As a ‘dumb user’ (qua, non-technical) I follow your reasoning for dumping the non-functional parts of the code. As a user, I am ambivalent about the need/desirability of a ‘chat’ feature. I do seem to remember that it did once work, seemingly quite well, on the old Diasp0raca pod ; it was fun sometimes, back then, and also quite useful to be able to turn it off ! Thanks to all involved in the maintenance and development of D*.

1 Like

I realise you’re talking about the experience of using any chat feature in diaspora*; but just for the record, the chat on was a much earlier chat feature, built by a developer called Pistos on a fork of a much earlier version of the diaspora* code-base. The code-base had changed so much over the next couple of years that it wasn’t possible to reintegrate this code.

1 Like

Hi Goob. Yeah, I’m talking about both. I remember Pistos well and was, I would say, his friend. I remember the whole sorry saga and opened a libertree acc., never pursued it much, though. ‘Ecce Mulk!’

Nevertheless, I would have thought that what could be done then could be done now. As I said, I’m pretty ambivalent about it, what do you think the general user base wants ? I don’t know, but it seems as if there are many other options for chat on switching_social. I haven’t explored them because it’s not something I want right now.

Thanks for your reply ! …Mulk.

I don’t know. That’s what this discussion aims to find out! It’ll be interesting to see what the response is. Like you, I’m ambivalent; I have little use for it myself, but happy for it to be a feature if it doesn’t either take too much time/energy for core developers nor have a negative impact on pod performance.

If you’re a non-coder like me, it can certainly seem that way. Pistos’ feature, as I remember it, only worked on his pod – or, at least, on his fork – so at a far smaller scale and didn’t have to federate. Things do seem to get awfully complicated at larger scales and with federation, and really good solutions for small-scale local situations don’t always work at larger scales.

Me too. Bad days. I hope Pistos is happy and fulfilled, whatever he’s doing now.

1 Like

Thank you @denschub for pointing here, because I didn’t took a look into this discourse for a while.

This is not a strong veto I’ll say: go ahead!

First of all I don’t need a chat feature in my diaspora* because I have already a lot of chat accounts and protocols and clients running (for some reason my ICQ seems not to work ;D) there’s no need of another one (but tbh: there’s also not much harm in it).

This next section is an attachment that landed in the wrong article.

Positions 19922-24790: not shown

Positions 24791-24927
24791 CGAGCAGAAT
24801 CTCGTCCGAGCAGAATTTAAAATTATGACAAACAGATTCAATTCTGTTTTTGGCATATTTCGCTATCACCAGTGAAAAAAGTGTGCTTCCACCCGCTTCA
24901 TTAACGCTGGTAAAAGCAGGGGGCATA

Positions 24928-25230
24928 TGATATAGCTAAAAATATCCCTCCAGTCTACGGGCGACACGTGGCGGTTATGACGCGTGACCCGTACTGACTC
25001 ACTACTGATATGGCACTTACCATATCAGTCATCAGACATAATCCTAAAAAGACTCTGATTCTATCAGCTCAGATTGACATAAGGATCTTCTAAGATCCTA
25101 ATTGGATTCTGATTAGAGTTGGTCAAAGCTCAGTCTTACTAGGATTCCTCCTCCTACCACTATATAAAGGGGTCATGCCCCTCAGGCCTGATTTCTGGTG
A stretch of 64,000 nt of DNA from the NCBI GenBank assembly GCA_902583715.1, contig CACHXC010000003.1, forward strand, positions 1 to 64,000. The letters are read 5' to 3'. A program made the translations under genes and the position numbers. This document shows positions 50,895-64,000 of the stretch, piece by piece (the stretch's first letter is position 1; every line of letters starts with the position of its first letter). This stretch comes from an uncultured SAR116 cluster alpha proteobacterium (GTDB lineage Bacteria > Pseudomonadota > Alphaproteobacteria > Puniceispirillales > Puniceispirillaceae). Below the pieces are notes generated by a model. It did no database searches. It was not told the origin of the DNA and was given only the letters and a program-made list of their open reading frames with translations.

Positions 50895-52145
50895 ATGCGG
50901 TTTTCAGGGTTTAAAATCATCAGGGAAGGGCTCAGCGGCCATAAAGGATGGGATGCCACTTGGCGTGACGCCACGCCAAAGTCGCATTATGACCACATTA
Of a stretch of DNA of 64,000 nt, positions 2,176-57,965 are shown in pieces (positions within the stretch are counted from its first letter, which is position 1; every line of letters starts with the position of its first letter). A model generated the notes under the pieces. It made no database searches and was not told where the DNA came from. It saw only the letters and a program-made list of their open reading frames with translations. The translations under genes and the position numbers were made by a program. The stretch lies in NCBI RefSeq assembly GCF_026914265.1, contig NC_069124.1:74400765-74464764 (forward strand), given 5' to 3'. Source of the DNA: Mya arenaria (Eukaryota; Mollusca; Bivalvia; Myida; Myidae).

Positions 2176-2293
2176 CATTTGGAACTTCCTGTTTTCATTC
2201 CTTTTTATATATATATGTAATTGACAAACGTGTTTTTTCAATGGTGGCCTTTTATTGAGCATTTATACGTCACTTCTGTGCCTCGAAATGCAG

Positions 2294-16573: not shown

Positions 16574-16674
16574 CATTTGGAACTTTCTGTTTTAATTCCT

So: As a user and an enthusiast I’d have loved to see XMPP in diaspora* because it’s kinda unique selling point to have a chat that actually can interact with other chats on other platforms that have nothing to do with diaspora*. And as far as I know no other social network or social network software has such a ability. (Google had it once I think, they bound G-Talk and G-mail so I guess it was also somehow connected to G-Plus).

To keep this short because I have to go working in a few minutes:
As I said I prefer XMPP over diaspora-Chat because I don’t need a chat but if there is one it should be a cool one (and interacting with other platforms is very cool).
As I understand your FAQ you somehow only remove the XMPP-Client from the code. So the server is independend anyways and there is a module allowing to somehow share the roaster with diaspora* and authenticate over diaspora*.
So this lets me hope that one day there could be an other client an other implementation of the XMPP client-stack. Maybe even some integration into conversations I don’t know.

But as I understand the origin post this is about kicking of a client that doesn’t work well. And I think that’s not too bad.

1 Like

I vote in favour of retaining the XMPP chat integration even if you cant maintain it regularly. As its a useful feature and you never know how it can be used.

  • You can give option for codebase with & without chat code so who wants can use it and/or develop it.
1 Like